Second council no longer taking asylum-seeking children as IRO caseloads soar

Portsmouth joins Kent in closing doors to unaccompanied children arriving in its port after a surge in arrivals saw caseloads for independent reviewing officers rise to more than 70

Asylum-seeking child
Photo posed by model (Jan H Andersen/Adobe Stock)

A second council has stopped taking in unaccompanied asylum-seeking children after a rise in arrivals saw independent reviewing officers’ (IROs) caseloads top 70.

Portsmouth council has joined Kent in saying that it is at capacity, meaning children arriving at its port are having to be moved to other local authorities under the national transfer scheme for unaccompanied children.

The news comes with a third authority, Croydon council, home to the national asylum intake centre, considering its capacity to take on more unaccompanied children as it battles severe financial problems.

Portsmouth’s struggles are the result of caring for an average of 90 unaccompanied children over the past two years, above the quota of 31 allocated to it under the voluntary transfer scheme, which is designed to share responsibility between councils equitably but has not done so.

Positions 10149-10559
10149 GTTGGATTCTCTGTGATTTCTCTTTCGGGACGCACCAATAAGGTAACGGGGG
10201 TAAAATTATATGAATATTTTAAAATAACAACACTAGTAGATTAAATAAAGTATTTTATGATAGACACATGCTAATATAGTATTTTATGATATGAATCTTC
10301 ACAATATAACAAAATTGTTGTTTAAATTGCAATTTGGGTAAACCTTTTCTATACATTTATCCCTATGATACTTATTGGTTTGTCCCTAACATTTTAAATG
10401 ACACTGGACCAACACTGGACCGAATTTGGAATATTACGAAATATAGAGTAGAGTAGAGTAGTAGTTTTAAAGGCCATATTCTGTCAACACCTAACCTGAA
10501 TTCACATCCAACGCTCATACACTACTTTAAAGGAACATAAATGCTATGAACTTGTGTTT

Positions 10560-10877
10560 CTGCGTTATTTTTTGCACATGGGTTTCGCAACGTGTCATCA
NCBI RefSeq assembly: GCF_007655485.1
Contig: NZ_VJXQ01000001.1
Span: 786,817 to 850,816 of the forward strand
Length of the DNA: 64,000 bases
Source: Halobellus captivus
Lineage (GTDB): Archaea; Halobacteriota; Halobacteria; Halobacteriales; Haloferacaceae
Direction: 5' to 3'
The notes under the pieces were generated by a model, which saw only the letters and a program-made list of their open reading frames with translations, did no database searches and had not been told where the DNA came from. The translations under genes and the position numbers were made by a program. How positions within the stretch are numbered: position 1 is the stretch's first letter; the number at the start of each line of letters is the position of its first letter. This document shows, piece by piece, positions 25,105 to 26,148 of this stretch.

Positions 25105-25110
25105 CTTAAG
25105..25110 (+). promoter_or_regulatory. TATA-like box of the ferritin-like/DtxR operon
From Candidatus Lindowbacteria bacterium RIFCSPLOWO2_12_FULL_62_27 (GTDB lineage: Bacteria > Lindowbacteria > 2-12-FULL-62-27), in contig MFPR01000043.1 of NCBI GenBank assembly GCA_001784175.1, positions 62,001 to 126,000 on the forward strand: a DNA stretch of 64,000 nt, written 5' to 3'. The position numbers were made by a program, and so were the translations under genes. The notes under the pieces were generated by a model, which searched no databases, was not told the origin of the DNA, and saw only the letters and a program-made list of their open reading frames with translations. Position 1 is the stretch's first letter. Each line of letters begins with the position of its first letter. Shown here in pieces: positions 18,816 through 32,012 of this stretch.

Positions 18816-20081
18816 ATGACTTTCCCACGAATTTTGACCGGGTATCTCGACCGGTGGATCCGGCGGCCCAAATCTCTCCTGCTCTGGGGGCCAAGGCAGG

While numbers dropped in the spring as a result of Covid, they have picked up since the summer, with 22 unaccompanied children arriving in Portsmouth between August 18 and September 22 and a further 15 arrived from then until 16 November.

Portsmouth unaccompanied asylum-seeking children numbers

IRO caseloads affecting ability to meet statutory requirements

Alison Jeffery, the council’s director of children, families and education, said: “All looked-after children require allocation to an independent reviewing officer (IRO). Caseloads for each IRO should sit between 50 and 70, with our IROs now holding caseloads of 70+. This impacts on the ability and statutory requirement to meet the needs of all of our looked-after children and care leavers.”

Jeffery also pointed to the fact that the high numbers of arrivals over the past two years meant that the council was now supporting significant numbers of unaccompanied care leavers.

She added: “Despite having strong in-house fostering and supporting housing services in Portsmouth, there are limited placements available and the services are being stretched. As a result, we have had to make extensive use of placements outside of the city, often in London.

“These young people are inherently vulnerable to being trafficked and exploited, and providing safe care requires close working with education, health and the police. This is difficult to achieve from a distance without the partnership links we have in the city.”